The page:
Some programs might have a small triangle next to them, indicating that they have multiple processes that run on startup. Click the triangle to see all the processes. It's not a good idea to disable some but not others, because that could cause instability in the program. So either disable all the processes or none.
You'll likely recognize some of the programs and services that run at startup, such as SkyDrive. But you'll also probably come across many that aren't familiar to you and whose purpose is almost impossible to discern. What to do about something called "persistence Module" or "hkcmd Module?" Should you turn them off or leave them on?
The Task Manager offers some solid help. Right-click an item and select Properties, and you'll see more detail about it, including its location, whether it has a digital signature from a company you know and other information such as the version number, its size and the last time it was modified.
Alternatively, when you right-click you can select "Open file location" and you'll open File Explorer to the folder where the file is located. That may give you a clue about the program's purpose.
Best of all, though, is to select "Search online" after you right-click. Bing launches and provides links to sites with information about the program or service. You'll usually very quickly find out information about the item, including its purpose and advice on whether it's safe.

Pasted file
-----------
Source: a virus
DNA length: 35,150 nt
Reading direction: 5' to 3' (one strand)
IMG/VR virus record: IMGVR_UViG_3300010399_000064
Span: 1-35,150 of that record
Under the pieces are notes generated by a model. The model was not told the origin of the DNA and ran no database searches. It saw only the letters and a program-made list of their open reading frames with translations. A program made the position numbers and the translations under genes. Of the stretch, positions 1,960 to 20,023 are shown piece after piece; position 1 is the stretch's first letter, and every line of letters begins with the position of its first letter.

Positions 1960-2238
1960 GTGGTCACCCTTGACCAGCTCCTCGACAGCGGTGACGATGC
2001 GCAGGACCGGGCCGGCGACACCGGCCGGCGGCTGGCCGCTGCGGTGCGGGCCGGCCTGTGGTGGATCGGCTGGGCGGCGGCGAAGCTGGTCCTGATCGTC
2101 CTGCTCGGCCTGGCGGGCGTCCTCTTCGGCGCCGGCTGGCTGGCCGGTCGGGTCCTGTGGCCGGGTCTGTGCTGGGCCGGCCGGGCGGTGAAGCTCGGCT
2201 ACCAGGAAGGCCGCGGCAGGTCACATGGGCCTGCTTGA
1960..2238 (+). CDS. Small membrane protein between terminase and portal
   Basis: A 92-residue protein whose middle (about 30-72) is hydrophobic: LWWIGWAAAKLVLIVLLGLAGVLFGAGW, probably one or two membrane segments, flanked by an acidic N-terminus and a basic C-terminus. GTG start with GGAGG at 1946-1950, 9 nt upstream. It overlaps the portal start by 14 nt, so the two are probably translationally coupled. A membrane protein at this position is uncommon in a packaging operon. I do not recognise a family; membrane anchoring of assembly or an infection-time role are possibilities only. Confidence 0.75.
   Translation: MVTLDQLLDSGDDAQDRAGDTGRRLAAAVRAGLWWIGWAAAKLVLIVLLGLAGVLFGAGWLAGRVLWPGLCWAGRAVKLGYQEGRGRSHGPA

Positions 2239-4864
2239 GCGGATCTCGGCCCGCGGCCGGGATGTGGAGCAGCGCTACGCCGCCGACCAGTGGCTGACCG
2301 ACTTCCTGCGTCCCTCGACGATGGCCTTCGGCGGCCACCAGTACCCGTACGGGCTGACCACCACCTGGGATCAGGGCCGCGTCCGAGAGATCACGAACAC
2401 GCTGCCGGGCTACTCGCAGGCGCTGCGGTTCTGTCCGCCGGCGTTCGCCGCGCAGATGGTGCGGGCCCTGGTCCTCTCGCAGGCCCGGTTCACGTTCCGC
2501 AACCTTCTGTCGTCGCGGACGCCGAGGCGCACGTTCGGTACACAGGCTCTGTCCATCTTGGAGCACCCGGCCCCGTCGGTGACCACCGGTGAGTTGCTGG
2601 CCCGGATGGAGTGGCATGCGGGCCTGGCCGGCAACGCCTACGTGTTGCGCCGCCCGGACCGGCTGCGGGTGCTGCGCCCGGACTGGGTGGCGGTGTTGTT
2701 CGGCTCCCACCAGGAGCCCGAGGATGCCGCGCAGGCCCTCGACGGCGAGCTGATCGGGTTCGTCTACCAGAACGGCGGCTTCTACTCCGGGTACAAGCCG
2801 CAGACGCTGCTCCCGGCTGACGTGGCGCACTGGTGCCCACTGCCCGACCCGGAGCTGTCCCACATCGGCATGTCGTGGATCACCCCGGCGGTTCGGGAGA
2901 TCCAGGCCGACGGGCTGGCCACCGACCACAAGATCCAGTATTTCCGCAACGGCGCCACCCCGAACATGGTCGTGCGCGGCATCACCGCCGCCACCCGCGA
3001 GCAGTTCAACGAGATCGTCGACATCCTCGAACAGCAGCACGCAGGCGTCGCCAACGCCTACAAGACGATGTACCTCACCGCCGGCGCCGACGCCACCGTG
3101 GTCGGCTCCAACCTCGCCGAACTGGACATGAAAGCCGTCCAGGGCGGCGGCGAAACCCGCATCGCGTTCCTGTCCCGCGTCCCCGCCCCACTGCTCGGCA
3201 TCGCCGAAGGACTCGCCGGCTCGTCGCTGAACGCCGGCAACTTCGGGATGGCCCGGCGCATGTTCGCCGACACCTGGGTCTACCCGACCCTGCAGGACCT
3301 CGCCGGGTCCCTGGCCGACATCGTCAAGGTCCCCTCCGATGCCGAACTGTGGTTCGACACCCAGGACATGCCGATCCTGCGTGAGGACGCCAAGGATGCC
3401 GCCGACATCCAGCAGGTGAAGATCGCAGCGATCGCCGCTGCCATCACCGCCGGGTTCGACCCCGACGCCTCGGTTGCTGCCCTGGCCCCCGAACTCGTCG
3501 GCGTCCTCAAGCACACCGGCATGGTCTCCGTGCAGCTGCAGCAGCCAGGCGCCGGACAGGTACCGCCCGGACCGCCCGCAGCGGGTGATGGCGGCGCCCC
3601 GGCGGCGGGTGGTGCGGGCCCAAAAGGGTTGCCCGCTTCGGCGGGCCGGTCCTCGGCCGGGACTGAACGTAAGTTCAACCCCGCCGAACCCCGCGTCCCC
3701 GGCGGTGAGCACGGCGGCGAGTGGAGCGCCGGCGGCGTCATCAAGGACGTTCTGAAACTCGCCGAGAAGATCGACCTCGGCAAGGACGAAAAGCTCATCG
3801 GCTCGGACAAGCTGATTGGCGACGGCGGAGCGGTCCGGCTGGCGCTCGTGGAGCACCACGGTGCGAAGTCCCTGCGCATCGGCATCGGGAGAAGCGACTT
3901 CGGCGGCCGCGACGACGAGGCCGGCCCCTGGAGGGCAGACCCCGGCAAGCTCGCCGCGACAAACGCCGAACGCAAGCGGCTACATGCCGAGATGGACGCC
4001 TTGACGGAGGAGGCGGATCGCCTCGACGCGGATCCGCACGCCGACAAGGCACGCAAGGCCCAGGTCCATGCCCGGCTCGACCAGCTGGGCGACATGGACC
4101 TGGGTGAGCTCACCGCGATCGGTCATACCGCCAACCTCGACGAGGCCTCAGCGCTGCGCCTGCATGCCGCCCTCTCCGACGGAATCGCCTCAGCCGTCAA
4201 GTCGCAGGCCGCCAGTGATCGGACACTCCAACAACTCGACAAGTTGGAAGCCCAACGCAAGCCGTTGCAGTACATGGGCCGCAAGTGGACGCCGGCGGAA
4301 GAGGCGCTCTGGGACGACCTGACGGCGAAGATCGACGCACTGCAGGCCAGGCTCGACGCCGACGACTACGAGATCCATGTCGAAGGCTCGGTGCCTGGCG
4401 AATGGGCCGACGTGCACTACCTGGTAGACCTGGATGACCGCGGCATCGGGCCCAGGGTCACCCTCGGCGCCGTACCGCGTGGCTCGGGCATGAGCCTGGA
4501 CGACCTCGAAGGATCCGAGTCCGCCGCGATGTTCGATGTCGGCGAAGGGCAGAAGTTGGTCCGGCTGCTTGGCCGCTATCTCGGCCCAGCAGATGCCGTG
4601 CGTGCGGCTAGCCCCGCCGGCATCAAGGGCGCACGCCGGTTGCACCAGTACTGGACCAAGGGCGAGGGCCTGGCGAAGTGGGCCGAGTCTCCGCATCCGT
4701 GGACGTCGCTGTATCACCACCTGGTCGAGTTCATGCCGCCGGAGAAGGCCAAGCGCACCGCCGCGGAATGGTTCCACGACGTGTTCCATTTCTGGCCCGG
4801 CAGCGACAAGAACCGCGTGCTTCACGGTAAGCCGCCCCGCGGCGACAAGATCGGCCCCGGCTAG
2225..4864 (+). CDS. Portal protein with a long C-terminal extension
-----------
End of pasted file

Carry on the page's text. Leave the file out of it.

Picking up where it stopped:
For more ways to use the Task Manager to speed up your system, see "Track and fine-tune performance with the Task Manager" later in this article.
Clean out the Startup folder
There's another place to go if you want to stop programs from launching when you start your system -- the Startup folder. You can run File Explorer in one of these ways:
- Press the Windows key + E.
- Click the File Explorer icon on the Desktop's taskbar.
- Type file explorer on the Start screen and click the File Explorer icon that appears on the left.
Make sure you can view hidden files in File Explorer: Click the View tab and check the boxes next to "Hidden items" and "File name extensions" in the Ribbon at the top.
Next, click the Computer icon in the left pane and navigate to:
where username is your Windows logon. Delete the shortcuts of any programs you don't want to run at startup. Don't worry; you won't delete the programs themselves, only their shortcuts.
Use Fast Startup
There's one last startup item to check: Make sure that Windows 8 uses a new mode called Fast Startup, a hybrid of a traditional shutdown/boot operation and hibernation. When you shut down your PC, all user sessions are closed but the Windows kernel session is saved to disk, or hibernated. Then when you start Windows again, it loads the hibernated system session from disk, cutting startup time.
By default, Fast Startup should be enabled on your system. But it's a good idea to make sure it's turned on, just in case your system wasn't set up correctly or Fast Startup was accidentally turned off.
On the Start screen, type power, click Settings and click the Power Options icon that appears on the left side of the screen under Settings. Click "Choose what the power buttons do" in the left pane, and under "Shutdown settings" at the bottom of the screen that appears, make sure that the box next to "Turn on fast startup" is checked.